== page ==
Full-time schooling has made working harder for students

Seniors+Kate+Hejmanowski+and+Chloe+Murphy+work+at+the+Strand+Theatre.++Many+students+with+jobs+have+had+to+re-adjust+their+schedules+now+that+school+is+back+in+session+full-time.

Isa Quilter

Seniors Kate Hejmanowski and Chloe Murphy work at the Strand Theatre. Many students with jobs have had to re-adjust their schedules now that school is back in session full-time.

Kamryn Drake, Staff Writer

With Hayes switching back to full-time schooling, it has helped many students retain the knowledge they’re being taught while also affecting their lives outside of school like extracurriculars and work.
Coming back to school full-time has limited the hours that students are available to work. On top of that, they have to handle stress caused by juggling school and work.
“Now that we’re back in school, I work a lot less hours and I need more time for school sports, being at school, and homework,” junior Alex Coughenour said. “Now that I don’t have the structured time online schooling gave me, I feel stressed trying to keep up with my schedule.”
Coughenour explained that during the hybrid method, he worked during the days where he wasn’t at school. During the days that he was at school, he worked mainly on homework. Now that he doesn’t have that structured time he said that he is experiencing more stress trying to balance work and homework.
Senior Meaghan Buckler said last year she was working around 30 hours a week, while now she has been averaging around 18 hours a week.
“I try to manage between work and school, and most of the time I can get it done at school, but other times I don’t get it done till really late and barely get any sleep,” Buckler said.
Students like freshman Xander Hicks, who has his own lawn mowing business, has had increased responsibility when it comes to time management.
“Making my own schedule, organizing, and getting everything done for my own business makes it really hard to try and manage all my time,” Hicks said.
Since Hicks is self-employed, he has to balance his time at school, time to do homework and time to mow lawns.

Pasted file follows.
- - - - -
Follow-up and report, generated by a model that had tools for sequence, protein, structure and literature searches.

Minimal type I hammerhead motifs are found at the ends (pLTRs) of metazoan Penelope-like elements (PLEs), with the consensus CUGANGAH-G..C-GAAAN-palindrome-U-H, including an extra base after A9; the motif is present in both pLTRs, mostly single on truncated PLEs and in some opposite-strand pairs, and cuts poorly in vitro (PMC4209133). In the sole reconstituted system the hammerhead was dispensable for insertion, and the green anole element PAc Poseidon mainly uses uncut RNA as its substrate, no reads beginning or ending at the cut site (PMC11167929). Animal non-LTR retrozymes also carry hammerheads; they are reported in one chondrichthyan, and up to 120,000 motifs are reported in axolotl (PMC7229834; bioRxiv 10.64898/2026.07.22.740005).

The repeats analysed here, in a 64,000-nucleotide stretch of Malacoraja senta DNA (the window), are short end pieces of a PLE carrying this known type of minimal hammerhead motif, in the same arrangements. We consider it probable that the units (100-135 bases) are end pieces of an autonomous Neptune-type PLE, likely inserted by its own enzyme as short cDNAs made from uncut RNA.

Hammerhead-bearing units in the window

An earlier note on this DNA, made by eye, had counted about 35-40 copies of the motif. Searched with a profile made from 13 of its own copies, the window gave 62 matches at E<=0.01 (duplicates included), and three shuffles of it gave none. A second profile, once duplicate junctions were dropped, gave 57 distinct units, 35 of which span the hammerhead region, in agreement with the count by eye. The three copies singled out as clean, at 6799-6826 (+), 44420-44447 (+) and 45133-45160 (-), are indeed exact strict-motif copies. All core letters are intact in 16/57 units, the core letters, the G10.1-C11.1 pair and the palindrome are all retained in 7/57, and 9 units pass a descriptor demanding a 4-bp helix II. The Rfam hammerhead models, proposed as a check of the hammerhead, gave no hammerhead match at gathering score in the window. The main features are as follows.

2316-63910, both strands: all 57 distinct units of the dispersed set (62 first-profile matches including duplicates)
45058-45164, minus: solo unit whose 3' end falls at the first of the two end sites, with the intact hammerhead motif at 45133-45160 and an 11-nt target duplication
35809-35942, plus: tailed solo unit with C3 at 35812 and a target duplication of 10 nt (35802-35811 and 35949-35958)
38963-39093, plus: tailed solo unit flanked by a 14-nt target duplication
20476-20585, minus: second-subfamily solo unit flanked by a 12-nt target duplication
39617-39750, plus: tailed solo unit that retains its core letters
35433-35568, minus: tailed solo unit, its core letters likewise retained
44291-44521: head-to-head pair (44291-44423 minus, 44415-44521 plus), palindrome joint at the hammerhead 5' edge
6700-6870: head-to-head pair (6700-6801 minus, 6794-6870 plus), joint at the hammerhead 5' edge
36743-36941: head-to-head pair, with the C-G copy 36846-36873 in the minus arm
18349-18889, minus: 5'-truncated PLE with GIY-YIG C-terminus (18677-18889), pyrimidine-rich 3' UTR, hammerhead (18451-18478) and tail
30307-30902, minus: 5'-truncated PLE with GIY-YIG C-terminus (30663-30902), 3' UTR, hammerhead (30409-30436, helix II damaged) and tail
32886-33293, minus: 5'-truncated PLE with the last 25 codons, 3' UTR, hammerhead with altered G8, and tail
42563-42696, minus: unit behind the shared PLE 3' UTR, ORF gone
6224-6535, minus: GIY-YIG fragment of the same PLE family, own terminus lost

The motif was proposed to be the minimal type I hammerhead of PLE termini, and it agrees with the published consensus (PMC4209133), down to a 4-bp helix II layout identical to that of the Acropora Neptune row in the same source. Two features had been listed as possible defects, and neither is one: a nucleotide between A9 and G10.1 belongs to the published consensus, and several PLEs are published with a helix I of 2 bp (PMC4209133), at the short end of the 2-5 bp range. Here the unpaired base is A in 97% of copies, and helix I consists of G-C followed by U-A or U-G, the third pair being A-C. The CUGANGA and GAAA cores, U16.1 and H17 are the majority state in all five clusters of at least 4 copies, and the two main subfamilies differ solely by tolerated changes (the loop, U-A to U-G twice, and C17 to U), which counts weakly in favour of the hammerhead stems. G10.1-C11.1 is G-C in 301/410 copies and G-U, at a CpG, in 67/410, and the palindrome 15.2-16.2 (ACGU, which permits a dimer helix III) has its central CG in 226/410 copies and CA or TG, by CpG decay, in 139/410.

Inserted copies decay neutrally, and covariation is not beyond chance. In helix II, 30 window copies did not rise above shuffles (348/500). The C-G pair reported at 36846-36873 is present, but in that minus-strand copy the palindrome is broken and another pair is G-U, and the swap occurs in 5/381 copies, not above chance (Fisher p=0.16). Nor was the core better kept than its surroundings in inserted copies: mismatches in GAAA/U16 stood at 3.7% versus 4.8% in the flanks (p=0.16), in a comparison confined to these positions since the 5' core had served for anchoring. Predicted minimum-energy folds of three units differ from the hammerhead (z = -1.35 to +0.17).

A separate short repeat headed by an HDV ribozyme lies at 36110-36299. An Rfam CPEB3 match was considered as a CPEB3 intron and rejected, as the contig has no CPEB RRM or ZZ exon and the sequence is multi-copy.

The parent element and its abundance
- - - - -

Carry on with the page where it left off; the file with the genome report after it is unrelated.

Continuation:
“It’s a lot different for me because this is my first year of high school, so I thought that it would be easy to find time for everything,” Hicks said. “Most days I just feel overwhelmed and stressed trying to schedule out my days.”
There are many students at Hayes who work to help out family, save for college and just to have money to spend. Many people don’t realize how hard it is for students to structure their time so they have time for extracurricular activities, school, and homework.
“It was a big switch [going back full-time] for me because last year I was working 10 a.m.-9 p.m., but now because of school and labor laws, I am working 3-6 p.m.,” sophomore Brandon Smith said. He said that last year he was working over 20-30 hours a week, while now he barely gets 15.
Senior Abby Oller, who has been working at Donatos for five months now, said that going from the hybrid schedule to full-time was difficult for her.
“My stress levels have changed a lot because there is a lot more work-wise,” Oller said.
Although many students like the full-time method better than the hybrid method, it was a huge switch for students with jobs. They have had to re-teach themselves how to manage their time and try to accommodate everything.
“One thing I would say is for anyone who has a job or is trying to get a job, try to do your best and make time for school because that’s what is going to be the best for you in the long run,” Oller said.